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Publication numberUS3243605 A
Publication typeGrant
Publication dateMar 29, 1966
Filing dateAug 8, 1963
Priority dateAug 8, 1963
Publication numberUS 3243605 A, US 3243605A, US-A-3243605, US3243605 A, US3243605A
InventorsMoritz Frederick G, Smith Gerald E
Original AssigneePotter Instrument Co Inc
Export CitationBiBTeX, EndNote, RefMan
External Links: USPTO, USPTO Assignment, Espacenet
Simplified method for scr turnoff
US 3243605 A
Abstract  available in
Previous page
Next page
Claims  available in
Description  (OCR text may contain errors)

March 1966 c. E. SMITH ETAL 3,243,605

SIMPLIFIED METHOD FOR SCR TURNOFF Filed Aug. 8, 1963 ii? M .522 E- ,50 46 f6 1 e a i 54 I 46 l i l 441-: I l r L J United States Patent 3,243,605 SIMPLIFIED METHOD FOR SCR TURNOFF Gerald E. Smith, Bethpage, and Frederick G. Moritz,

Hauppauge, N.Y., assiguors to Potter Instrument Company, Inc., Plaiuview, N .Y., a corporation of New York Filed Aug. 8, 1963, Ser. No. 300,871 3 Claims. (Cl. 30788.5)

This invention relates to servo control equipment and, more particularly, relates to an improved circuit arrangement for ensuring turn-01f of silicon controlled rectifiers used for the control of current flow through motor windings and the like.

Control of current flow through servo motor windings .by a gated rectifier is, of course, known to the art and has been accepted by the art because of the ease of con trol of average current flow through the winding in response to an electrical signal, such as a phase controlled signal. For example, a thyratron serially coupled with the motor windings can perform such functions. With such circuitry, it is, of course, necessary that the gated rectifier be extinguished on every half cycle in order to enable control of the next current cycle. Due to the relatively high extinguishing potentials of commercially available thyratrons, extinguishing of the thyr'atron's has posed no special problem.

However, with the advent of gated solid state rectifiers such as SCRs, circuit difiiculties have been encountered since the cathode-anode voltage must be dropped to below, in typical cases, 1 to 1% volts to extinguish or turn off the gated rectifier. The inductance of the serially coupled motor winding often prevents dropping of the anode voltage below the extinguishing potential and the circuit will run away with the SCRs conducting over the full rectified cycle and the SCR gates having no etiect on limitation of current flow.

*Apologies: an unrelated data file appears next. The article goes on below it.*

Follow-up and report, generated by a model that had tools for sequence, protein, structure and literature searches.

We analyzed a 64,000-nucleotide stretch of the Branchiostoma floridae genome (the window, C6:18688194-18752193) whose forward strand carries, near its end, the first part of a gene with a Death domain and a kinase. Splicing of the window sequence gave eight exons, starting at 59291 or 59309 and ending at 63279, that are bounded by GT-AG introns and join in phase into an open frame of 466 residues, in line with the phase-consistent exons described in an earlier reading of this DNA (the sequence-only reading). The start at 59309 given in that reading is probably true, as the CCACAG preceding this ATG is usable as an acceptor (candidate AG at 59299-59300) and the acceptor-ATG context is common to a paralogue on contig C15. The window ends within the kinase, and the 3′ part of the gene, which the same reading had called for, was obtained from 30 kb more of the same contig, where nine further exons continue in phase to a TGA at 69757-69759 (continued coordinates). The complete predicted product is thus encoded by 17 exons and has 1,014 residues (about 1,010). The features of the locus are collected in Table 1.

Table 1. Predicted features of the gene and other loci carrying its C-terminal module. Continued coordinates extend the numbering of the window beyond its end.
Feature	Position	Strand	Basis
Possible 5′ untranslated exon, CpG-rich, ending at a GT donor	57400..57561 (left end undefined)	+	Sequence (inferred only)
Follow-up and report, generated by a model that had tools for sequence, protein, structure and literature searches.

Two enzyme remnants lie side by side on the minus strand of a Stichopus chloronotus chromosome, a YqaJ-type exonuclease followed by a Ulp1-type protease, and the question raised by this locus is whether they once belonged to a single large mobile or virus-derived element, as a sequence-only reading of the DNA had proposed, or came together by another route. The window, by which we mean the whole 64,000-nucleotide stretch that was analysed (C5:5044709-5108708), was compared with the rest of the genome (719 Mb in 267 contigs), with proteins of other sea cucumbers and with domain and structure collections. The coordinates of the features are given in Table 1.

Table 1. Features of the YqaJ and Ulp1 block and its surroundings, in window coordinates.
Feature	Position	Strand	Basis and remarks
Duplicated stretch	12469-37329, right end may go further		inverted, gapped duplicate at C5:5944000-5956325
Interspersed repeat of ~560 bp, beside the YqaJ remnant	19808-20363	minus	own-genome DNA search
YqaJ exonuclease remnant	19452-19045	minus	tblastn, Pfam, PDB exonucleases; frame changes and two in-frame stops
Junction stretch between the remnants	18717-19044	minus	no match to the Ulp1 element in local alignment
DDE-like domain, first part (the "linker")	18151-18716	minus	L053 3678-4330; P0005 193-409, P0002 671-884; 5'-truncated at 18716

It is, therefore, the primary object of this invention to provide an improved circuit to extinguish gated rectifiers used in control of current flow through inductive circuits.

In accordance with this object, there is provided, in a preferred embodiment of the present invention, an A.-C. source, a full wave bridge circuit coupled across said source to generate a full wave rectified voltage across output terminals of the bridge. The controlled inductive element, such as a servo motor winding, is serially coupled with the gate controlled rectifier, such as an SCR, across the output terminals of the bridge. A free-wheeling or quench diode is coupled in parallel with the motor winding. A choke is coupled across the output terminals of the bridge.

As the rectified voltage goes positive during each half cycle, a lagging current will flow through the choke. As the rectified voltage goes to 0, the choke will become a voltage source having a polarity which will drive the SCR anode negatively with respect to the cathode thereby to extinguish the SCR, enabling gate control of current flow in the next half cycle.

Having briefly described the invention, it will be described in greater detail in the following detailed description which may best be understood by reference to the accompanying figure, which is a schematic diagram of a servo control circuit in accordance with the present invention.